Father Thomas Keating said that God's first language is silence. Everything else is a poor translation. We in the United Church of Christ, say God is still speaking. And that's the truth. But we've got to listen. And we listen in the silence.
So Love God is contemplation. To love one another is the action. Now our church is so good with action. The United Church of Christ? Wow! We're doing amazing things in the world – helping the homeless, we're doing soup kitchens, refugee camps, all great action. But I don't think the United Church of Christ is really good at giving us the tools to be contemplative.
I think with these two commandments, Jesus is saying both of these are important. So in the silence, what we're doing is we're a tuning ourself to the master's voice.
Those of you who have dogs, you know that your dogs follow your commands, right? They're attuned to your voice. Jesus didn't use the dog analogy. But Jesus used the sheep analogy. And he is the shepherd and we are the sheep. He said, ‘My sheep know my voice.’
So in the silence, that's what we're attempting to do, my friends. We’re attempting to get still so we can attune ourselves to the shepherd’s voice. And that voice is always guiding us to more and more love. So that's what I'd like to invite you to do today, this week, this week of All Saints week, if you will.
Find time each and every day to show your love of God. By spending time with God. It could be a nature walk, it could be sitting in a chair, looking out your window. But make sure you find time to do that. And then remember this week, those saints who have been in your life, those who gave you the example of how to love, because all of us have been called to be saints. And all of us have been called to be love. Let us be that love for one another.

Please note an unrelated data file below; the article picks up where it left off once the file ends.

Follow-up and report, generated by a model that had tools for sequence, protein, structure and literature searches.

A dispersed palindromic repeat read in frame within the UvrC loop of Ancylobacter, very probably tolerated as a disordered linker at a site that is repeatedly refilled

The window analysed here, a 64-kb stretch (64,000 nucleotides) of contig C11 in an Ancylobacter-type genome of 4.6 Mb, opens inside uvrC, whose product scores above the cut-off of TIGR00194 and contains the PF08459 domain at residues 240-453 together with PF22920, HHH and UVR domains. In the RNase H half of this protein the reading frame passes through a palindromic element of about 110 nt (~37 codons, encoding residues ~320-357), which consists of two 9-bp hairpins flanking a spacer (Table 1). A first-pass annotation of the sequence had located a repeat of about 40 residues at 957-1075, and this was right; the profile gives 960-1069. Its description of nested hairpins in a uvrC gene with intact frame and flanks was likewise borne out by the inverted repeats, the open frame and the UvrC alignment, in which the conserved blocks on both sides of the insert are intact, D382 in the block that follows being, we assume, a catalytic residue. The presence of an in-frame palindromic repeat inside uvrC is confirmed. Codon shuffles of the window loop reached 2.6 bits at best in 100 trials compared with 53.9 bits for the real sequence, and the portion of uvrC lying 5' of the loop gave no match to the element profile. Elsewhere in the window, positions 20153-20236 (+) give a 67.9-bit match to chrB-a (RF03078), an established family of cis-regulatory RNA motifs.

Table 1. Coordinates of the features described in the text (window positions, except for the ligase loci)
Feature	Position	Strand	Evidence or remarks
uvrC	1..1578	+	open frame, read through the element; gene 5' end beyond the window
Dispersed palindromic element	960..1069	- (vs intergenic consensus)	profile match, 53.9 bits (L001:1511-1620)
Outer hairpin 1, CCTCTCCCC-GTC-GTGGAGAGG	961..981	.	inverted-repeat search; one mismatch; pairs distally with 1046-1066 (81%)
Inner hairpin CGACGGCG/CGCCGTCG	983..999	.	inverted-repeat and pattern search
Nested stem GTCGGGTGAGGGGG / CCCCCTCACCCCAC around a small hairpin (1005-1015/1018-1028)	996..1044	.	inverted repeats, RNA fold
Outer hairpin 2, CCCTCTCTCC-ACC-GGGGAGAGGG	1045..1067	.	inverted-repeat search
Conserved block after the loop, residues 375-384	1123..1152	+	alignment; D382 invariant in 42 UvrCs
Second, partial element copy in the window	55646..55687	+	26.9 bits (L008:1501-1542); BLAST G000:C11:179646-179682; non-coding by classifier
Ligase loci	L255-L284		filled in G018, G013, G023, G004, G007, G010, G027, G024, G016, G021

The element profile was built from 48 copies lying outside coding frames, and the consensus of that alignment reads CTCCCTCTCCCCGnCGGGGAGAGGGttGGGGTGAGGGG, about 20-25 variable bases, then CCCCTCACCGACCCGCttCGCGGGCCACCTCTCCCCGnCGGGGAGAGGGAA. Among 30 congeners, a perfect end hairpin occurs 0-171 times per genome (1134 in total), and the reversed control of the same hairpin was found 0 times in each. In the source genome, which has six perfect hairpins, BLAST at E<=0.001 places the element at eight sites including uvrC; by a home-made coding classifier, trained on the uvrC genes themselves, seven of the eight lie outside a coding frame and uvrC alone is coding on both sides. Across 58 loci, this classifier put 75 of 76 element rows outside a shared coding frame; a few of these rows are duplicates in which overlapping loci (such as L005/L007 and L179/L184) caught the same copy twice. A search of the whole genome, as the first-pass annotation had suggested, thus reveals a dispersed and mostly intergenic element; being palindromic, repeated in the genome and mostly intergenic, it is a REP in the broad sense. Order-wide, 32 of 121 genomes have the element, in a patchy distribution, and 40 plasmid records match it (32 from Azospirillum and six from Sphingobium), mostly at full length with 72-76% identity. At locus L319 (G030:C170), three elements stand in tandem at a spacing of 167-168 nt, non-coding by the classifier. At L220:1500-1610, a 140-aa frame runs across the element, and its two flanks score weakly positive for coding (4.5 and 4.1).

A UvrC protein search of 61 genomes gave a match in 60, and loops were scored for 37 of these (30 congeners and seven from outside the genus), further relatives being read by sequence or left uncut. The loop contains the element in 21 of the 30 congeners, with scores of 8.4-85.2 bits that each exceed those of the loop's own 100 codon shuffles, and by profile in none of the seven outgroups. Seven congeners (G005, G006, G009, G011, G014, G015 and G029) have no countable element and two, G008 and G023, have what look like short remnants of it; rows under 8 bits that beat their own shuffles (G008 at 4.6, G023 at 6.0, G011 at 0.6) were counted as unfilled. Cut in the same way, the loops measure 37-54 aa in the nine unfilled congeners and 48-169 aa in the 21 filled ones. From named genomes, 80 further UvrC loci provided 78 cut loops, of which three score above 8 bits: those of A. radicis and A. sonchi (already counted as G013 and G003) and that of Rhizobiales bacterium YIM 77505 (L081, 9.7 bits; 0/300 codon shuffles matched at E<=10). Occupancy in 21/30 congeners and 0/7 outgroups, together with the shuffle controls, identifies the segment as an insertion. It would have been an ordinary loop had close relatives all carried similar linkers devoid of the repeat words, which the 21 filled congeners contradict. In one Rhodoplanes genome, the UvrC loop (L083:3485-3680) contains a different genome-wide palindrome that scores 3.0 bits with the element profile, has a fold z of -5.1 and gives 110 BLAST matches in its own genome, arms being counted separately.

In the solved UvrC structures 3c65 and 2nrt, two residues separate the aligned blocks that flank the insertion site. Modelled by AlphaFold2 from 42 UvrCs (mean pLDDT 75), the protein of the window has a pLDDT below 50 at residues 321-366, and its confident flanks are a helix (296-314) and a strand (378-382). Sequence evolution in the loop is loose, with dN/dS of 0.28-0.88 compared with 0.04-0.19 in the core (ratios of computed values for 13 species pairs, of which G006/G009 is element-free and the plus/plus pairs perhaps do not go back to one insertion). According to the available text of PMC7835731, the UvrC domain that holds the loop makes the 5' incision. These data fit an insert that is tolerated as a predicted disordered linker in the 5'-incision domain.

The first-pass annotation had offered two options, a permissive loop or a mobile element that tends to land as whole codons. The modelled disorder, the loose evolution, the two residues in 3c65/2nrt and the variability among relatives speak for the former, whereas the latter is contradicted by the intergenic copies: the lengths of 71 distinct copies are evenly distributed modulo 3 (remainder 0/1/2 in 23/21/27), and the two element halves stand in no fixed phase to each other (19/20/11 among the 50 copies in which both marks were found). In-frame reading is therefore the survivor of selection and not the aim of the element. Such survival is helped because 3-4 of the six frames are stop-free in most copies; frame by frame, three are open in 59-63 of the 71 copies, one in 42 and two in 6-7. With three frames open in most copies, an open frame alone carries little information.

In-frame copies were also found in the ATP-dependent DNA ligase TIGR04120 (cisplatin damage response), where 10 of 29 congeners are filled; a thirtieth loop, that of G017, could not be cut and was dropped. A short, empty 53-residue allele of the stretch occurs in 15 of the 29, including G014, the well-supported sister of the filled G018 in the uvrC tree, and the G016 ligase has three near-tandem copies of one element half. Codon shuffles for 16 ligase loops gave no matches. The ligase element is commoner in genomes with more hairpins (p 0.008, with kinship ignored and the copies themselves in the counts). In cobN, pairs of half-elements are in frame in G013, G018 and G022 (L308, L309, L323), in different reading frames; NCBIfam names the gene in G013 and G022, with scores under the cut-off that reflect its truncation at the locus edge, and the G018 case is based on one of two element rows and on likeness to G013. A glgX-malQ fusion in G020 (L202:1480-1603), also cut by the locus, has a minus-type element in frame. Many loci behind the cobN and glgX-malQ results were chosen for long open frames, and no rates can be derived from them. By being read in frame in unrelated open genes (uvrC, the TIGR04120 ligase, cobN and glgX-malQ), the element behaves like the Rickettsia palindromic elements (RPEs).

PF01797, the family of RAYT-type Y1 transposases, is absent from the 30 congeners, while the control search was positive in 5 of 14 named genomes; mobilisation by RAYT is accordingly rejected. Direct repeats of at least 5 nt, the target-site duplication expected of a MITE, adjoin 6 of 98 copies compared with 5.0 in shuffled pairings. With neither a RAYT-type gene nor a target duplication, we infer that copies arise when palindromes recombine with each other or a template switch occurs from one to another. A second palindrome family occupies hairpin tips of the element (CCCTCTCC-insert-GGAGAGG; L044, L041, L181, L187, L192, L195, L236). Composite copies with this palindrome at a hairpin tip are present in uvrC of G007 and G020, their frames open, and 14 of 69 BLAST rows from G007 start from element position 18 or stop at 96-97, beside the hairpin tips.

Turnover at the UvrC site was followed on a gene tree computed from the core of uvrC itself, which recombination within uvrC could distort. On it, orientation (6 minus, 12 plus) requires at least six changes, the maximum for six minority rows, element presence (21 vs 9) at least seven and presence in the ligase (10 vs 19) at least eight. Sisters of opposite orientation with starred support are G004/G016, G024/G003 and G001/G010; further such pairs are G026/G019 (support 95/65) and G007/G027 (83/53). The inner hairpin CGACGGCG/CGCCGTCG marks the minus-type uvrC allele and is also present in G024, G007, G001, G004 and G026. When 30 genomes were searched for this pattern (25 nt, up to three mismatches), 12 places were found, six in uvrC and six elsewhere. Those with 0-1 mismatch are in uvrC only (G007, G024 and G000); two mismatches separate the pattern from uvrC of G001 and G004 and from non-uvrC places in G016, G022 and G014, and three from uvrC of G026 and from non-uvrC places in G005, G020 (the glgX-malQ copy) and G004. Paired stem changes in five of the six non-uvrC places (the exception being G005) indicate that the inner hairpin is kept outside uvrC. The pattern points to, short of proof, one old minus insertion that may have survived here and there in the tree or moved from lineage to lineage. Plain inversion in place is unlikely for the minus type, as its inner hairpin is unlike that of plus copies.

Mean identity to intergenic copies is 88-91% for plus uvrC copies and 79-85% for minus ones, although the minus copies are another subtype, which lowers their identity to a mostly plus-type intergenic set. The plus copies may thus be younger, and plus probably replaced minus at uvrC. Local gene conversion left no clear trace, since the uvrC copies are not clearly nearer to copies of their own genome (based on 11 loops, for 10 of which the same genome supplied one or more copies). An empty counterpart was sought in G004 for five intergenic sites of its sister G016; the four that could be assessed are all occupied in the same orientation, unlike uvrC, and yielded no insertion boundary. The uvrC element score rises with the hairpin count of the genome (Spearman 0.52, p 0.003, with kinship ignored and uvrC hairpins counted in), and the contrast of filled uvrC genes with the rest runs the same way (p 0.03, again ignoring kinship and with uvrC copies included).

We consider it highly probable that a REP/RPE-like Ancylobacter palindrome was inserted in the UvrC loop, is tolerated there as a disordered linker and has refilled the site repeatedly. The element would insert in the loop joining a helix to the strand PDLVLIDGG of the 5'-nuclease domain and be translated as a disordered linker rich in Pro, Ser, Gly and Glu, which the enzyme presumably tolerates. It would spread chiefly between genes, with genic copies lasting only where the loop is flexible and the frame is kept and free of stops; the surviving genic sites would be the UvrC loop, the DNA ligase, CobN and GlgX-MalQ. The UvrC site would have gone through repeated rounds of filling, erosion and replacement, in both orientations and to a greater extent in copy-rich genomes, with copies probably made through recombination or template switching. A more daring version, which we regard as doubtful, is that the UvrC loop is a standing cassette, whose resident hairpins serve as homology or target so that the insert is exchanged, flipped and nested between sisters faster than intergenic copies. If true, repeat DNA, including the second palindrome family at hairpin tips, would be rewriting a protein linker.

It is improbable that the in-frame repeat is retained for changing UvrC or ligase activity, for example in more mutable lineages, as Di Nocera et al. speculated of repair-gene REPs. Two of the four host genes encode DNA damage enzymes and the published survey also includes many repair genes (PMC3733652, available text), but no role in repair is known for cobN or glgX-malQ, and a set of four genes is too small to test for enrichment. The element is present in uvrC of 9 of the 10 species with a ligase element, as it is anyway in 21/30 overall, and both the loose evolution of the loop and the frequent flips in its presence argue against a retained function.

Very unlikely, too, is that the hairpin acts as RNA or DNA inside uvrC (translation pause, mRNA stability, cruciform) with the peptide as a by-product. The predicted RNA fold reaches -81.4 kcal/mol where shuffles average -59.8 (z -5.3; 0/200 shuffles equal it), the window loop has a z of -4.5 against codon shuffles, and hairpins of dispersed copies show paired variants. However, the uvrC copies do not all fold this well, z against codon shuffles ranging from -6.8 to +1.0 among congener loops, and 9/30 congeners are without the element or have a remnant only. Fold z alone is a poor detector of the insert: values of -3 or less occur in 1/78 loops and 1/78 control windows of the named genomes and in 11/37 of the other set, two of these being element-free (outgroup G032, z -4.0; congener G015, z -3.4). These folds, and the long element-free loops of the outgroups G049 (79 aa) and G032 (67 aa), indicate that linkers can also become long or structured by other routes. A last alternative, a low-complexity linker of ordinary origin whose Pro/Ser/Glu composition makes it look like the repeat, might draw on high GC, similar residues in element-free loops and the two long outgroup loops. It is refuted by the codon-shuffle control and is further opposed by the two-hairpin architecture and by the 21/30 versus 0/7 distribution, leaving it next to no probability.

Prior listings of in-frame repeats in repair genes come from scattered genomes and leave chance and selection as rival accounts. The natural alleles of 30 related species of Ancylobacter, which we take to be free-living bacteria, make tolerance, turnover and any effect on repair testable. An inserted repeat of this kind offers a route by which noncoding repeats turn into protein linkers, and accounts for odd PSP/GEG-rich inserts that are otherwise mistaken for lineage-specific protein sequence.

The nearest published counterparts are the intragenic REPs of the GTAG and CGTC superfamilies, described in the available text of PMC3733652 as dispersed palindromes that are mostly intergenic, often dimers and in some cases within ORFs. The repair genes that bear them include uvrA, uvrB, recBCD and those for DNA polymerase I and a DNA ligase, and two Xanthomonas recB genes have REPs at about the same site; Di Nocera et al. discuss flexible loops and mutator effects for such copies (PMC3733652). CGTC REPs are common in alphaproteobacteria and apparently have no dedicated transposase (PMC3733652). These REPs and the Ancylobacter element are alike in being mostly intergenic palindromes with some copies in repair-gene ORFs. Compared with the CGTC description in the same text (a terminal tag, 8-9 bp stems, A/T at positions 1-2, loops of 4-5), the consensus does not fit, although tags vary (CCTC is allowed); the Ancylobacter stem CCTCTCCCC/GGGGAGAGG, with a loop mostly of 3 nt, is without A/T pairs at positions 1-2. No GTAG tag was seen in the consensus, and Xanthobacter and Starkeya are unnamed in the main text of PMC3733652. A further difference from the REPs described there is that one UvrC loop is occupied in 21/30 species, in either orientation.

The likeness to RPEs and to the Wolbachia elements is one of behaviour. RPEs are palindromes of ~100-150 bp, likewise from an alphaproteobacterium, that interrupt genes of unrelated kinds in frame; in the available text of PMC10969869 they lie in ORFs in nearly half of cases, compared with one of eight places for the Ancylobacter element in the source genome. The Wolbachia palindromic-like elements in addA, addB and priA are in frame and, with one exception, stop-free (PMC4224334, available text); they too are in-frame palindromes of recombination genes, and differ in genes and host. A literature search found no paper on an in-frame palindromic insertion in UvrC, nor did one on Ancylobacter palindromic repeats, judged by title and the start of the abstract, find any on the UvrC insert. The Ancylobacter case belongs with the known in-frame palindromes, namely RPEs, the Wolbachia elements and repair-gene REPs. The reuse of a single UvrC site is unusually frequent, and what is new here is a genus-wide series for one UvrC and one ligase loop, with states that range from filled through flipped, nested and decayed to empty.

Rev. Salvatore Sapienza
Words of Integration and Guidance
by Mahmoud Darwish
On our last evening on this land we chop our days
from our young trees, count the ribs we’ll take with us
and the ribs we’ll leave behind… On the last evening
we bid nothing farewell, nor find the time to end…
Everything remains as it is, it is the place that changes our dreams
and its visitors. Suddenly we’re incapable of irony,
this land will now host atoms of dust… Here, on our last evening,
we look closely at the mountains besieging the clouds: a conquest…
and a counter-conquest,
and an old time handing this new time the keys to our doors.
So enter our houses, conquerors, and drink the wine
of our mellifluous Mouwashah. We are the night at midnight,
and no horseman will bring dawn from the sanctuary of the last Call to
Our tea is green and hot; drink it. Our pistachios are fresh; eat them.
The beds are of green cedar, fall on them,
following this long siege, lie down on the feathers of our dreams.
The sheets are crisp, perfumes are ready by the door, and there are plenty
enter them so we may exit completely. Soon we will search
in the margins of your history, in distant countries,
for what was once our history.
And in the end we will ask ourselves:
Was Andalusia* here or there? On the land…or in the poem?
*Al-Andulus (now Spanish Andalusia) is considered the apex of Islamic culture in Europe and the Mediterranean; a world center of scholarship, philosophy and science from approx. 700 – 1492.
What did you think?